“It’s difficult because every time I go past the scene of where I’ve had a fatality, it plays back like a video,” says Charles. “Your first nature is to crawl in your hole and just pull the covers over your head – and many people do that, you know. They don't answer the phone after that. And that's probably the worst thing you can do, cause you just sit there with that rolling around in your head. It just destroys your sleep for several days.”
Laurie Richer says the best thing you can do after a serious trauma is to reach out for help as soon as possible and talk about how you’re feeling.
“What that does is it validates the response,” says Richer. “It helps individuals realize that they're not alone in their response, that in fact it's more common than not to experience some of the symptoms of PTSD. And also, peers provide ideas for how they got support. And seeking help becomes more acceptable.”
Seeking—and giving—help is something Charles has learned how to do in his long career on the railroad. He talks to friends and a counselor, and makes it a point to reach out to other crew members who have experienced trauma.
“I don't get to spend too much time thinking about mine if I'm helping others, and that works for me,” says Charles. “Plus I have a great network of friends who support me. They prop me up when I can’t stand on my own. They help me through these difficult times. I’m really blessed. I feel like the luckiest man on earth sometimes.”
Charles doesn’t blame Caltrain for the deaths. Track fatalities are part of the job, he says, all over the world.
“Caltrain goes to great lengths to keep that from happening,” he says. “They have ten-foot fences along the whole line. It’s not because of any negligence. It would be nice to prevent all of it, but that's dreaming. But we're trying. And anything that we can do to have some kind of effect on it, if it saves one life, it's worth it. That's why I agreed to do this interview. If it saves one person from this, it's a wonderful thing, and I'm honored to be able to do it.”
On a warm Saturday afternoon in June, several thousand people are gathered at San Francisco’s Fort Mason.
It’s a sea of blue t-shirts. The back of each shirt reads: “I’ll be up all night for--” followed by a blank line. People have filled in the words: “I’ll be up all night for my mother, for my father, for my Uncle Tim.” Other people have written in names, followed by dates—dates of birth, and dates of death.
The annual Out of the Darkness walk is a suicide awareness event held in different cities around the country. This year, people spent all night walking the streets of San Francisco, raising money for suicide prevention and research. There are a lot of individuals, and a lot of families. And this year, there’s also a group of eight Caltrain staff members.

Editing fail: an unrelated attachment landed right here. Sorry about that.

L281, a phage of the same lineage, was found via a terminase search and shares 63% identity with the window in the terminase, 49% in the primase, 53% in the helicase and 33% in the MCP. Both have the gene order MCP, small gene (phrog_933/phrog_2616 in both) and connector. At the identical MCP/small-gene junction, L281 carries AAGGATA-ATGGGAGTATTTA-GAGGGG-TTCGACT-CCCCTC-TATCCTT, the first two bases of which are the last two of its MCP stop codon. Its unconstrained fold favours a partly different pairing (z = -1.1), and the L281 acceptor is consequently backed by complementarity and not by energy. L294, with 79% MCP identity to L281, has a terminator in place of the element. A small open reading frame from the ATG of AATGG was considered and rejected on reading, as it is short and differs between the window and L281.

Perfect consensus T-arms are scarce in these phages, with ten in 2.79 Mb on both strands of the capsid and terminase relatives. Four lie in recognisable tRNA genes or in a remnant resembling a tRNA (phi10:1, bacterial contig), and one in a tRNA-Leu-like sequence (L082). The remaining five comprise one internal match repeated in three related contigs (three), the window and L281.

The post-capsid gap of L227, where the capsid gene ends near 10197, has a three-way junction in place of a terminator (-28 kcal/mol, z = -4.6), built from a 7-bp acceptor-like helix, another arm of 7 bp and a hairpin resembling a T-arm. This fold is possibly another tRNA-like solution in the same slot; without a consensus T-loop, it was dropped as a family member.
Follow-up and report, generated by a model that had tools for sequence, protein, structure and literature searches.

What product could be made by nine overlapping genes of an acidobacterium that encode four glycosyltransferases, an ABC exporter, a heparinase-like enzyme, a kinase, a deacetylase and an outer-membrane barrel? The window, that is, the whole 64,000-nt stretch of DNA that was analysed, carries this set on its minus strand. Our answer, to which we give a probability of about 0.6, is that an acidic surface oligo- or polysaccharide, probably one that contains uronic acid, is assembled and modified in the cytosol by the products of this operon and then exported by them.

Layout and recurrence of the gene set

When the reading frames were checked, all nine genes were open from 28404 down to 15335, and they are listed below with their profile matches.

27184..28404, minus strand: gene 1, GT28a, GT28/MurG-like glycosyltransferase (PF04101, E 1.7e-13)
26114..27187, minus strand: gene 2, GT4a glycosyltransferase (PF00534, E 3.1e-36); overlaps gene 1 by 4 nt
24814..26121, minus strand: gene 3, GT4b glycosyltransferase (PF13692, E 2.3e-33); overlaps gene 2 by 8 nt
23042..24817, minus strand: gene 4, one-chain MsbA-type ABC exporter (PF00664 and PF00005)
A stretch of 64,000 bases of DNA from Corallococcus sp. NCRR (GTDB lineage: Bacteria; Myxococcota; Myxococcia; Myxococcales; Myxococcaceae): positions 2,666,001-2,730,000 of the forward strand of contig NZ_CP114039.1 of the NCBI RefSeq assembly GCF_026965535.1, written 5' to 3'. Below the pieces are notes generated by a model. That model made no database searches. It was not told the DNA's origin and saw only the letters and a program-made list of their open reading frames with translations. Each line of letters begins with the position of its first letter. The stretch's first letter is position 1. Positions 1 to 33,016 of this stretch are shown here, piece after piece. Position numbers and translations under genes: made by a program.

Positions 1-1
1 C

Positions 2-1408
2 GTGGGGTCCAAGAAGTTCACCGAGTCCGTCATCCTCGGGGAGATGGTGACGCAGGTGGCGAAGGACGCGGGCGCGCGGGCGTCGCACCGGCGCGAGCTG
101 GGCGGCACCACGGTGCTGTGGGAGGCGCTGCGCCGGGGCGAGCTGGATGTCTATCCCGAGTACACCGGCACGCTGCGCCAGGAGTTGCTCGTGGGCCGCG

April Maguigad works in the operations department at Caltrain. She’s leading tonight’s Caltrain walkers.
“I just recently moved to the Bay Area from Virginia in January,” she says. “I think it was probably right around the third fatality that we had here at Caltrain since my moving here that I decided that I needed a way to cope and deal with it.”
Ted Yurek is also on the Caltrain team.
“We've kind of taken a position of instead of not talking about it, talking about it more,” says Yurek. “And hopefully this helps promote that point of view, that you should be more open about depression and suicide as things that happen.”
Since the night of the walk, the Caltrain team has raised $12,000 to help people who have lost loved ones to suicide. Donations are still coming in. Maguidad say the walk gives people a sense that there’s support––that there are people who understand what it’s like to go through a suicide, and who want to offer help.
“It is a sense of sadness that you know this is a person who has chosen quite a tragic way to end their life,” says Maguigad. “You wonder about their family, and you wonder about the people they're leaving behind. It's not just another delay, it's somebody's family member.”
If you, or someone you know, is in suicidal crisis or emotional distress please call 1-800-273-TALK (8255) right away. Help is there for you, and you are not alone. You can also read about suicide warning signs and prevention strategies here.